The attack on NGOs speaks to a larger difficulty in The Battle of Seattle. With so many essays about a single week, albeit a great one, one gets the feeling that the authors are hanging on for dear life. Saul Alinski once said that wins are necessary to keep movements vital. But by making Seattle the standard against which everything else is measured, another unmatchable monolith-another Woodstock¾ emerges as a commodity to fetishize instead of build upon. Since the book was released, Eddie Yuen has argued that local community organizing, not Seattle-like protest (which can only happen with an element of surprise long gone), is the most effective way to respond to the 9/11 backlash. Translating the goals of the global justice movement into such local struggles thus becomes a central challenge. Given the current context, it may be easier to look backward to glorious victories than forward to a future that might bring compromise, tough economic decisions, or the slow road into political oblivion. After observing the Democratic National Convention (2000), just miles from the South Central LA streets which sparked the 1992 riots, Juan Gonzalez suggests: “The movement. must expand to America’s heartland, or it will slowly wither and die.” A number of other writers suggest that the movement needs to diversify and deal with the question of race.
It’s an essential point that countless writers express as an imperative-”must,” “should,” etc. The protests against the prison industrial complex during the Republican National Convention in Philadelphia offered just such a possibility. Since then, however, the movement appears to have turned its back on continuing campaigns, such as New York’s Drop the Rock [-efeller Drug Laws]. One senses an aversion to the slow work of building local alliances or dealing with policy decisions. But a better road exists. The scenario of activists joining local struggles for racial justice, community labor alliances, queer public space groups, and campaigns organized by people of color offers a more useful model than bemoaning why activists of color from Harlem and the Bronx are not joining in protests initiated by middle class whites. In the context of a permanent war economy in which drug users and activists are equated with terrorists, global justice activists assisting struggles against an escalating War on Drugs offer a useful way out of the dead end. An aversion to anything that smacks of incrementalism only gets in the way. Unfortunately, the movement’s often oppositional nature, reflected in the unfortunate use of the term “antiglobalization” instead of “global justice” throughout the volume’s introduction, presents just such an impediment.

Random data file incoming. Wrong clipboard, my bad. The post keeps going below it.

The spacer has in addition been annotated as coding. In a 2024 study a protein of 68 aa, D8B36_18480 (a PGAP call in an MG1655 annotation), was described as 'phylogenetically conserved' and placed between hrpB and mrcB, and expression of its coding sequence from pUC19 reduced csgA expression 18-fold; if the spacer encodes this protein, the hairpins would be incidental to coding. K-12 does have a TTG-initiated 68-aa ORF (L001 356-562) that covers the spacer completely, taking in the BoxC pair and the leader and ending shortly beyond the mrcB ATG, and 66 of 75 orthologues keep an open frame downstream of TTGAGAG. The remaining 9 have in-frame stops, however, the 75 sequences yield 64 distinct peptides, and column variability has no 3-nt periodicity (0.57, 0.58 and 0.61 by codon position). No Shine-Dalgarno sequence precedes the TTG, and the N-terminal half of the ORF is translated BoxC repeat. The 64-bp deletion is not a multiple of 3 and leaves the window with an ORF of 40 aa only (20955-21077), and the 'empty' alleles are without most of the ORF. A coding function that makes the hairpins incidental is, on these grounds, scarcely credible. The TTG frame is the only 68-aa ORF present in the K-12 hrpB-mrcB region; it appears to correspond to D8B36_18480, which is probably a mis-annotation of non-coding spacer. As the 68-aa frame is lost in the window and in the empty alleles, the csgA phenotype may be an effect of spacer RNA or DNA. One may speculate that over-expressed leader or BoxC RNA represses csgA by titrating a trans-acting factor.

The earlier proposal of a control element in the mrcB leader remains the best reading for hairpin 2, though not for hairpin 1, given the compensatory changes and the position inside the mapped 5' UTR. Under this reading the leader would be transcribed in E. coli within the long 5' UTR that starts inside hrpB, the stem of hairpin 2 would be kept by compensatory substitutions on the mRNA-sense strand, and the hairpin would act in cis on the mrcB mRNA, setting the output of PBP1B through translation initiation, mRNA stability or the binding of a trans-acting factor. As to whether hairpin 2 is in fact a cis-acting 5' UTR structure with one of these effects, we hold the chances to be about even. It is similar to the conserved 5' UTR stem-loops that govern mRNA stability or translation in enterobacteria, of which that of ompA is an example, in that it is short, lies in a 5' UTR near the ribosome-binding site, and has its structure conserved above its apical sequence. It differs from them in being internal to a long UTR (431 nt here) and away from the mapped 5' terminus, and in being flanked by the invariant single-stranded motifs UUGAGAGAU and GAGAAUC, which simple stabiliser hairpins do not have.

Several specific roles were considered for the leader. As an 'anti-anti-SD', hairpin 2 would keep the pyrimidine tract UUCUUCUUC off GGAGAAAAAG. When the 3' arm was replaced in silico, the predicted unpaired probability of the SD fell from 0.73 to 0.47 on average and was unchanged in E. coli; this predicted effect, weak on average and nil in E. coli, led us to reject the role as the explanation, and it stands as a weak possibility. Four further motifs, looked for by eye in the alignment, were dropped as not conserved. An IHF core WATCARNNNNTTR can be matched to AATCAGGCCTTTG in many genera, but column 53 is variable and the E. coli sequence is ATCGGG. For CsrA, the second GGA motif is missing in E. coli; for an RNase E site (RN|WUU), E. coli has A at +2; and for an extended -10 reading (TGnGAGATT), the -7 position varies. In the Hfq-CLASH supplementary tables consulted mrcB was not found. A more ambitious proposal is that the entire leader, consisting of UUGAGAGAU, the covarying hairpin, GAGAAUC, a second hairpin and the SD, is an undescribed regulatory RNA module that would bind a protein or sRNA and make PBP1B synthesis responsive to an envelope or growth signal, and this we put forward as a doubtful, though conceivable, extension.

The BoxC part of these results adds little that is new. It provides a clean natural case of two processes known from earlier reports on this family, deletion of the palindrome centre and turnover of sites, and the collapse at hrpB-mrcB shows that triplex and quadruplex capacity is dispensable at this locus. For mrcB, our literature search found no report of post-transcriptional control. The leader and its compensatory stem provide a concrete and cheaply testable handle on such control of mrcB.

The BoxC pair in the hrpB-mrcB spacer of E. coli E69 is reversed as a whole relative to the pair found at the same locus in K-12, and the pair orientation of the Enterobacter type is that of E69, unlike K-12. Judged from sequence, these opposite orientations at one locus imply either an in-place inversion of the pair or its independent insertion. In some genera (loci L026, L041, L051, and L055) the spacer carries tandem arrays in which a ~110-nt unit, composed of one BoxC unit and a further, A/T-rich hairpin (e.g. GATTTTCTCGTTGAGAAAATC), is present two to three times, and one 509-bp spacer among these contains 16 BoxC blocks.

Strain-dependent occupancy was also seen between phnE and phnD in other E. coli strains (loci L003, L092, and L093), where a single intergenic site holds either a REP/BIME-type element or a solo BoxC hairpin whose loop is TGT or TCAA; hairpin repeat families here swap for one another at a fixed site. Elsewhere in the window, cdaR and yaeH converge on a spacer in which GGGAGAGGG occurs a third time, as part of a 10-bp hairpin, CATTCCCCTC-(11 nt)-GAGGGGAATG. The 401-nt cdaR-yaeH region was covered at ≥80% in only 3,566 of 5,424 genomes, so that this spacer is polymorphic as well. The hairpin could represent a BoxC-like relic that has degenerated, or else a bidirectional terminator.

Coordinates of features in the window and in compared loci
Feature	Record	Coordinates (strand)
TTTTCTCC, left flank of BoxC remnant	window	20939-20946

If there is a useful lesson in Bill Ayres’s recent memoir of his SDS and Weather Underground days, it is that he wished his movement had spent more time converting its suburban parents (as Ho Chi Minh had asked) than engaging in guerilla warfare. The same could be said of today’s struggles. If the movement fails to engage local political realities, it is difficult to imagine it enduring.
All this being said, the world is a much better place with a fabulous global justice movement of colorful actions. In the end, what unfolds in The Battle of Seattle is a frustrating and wonderful set of essays-frustrating because of the political and cultural forces that have slowed this movement, but exciting because of the continuing possibility of the movement’s carnival against capital. The moments in which loud samba beats have blended with propaganda are some of the most amazing I have had as an activist. Yuen et al’s collection delightfully captures this spirit, while offering the necessary questions for the movement to continue to thrive. Yuen counsels, I believe correctly, that the movement is at its best when rejecting the hairshirt left. Perhaps my favorite essay in the volume is George Lakey’s “Mass Action Since Seattle: Seven Ways to Make Our Protests More Powerful.” I will summarize those seven ways here: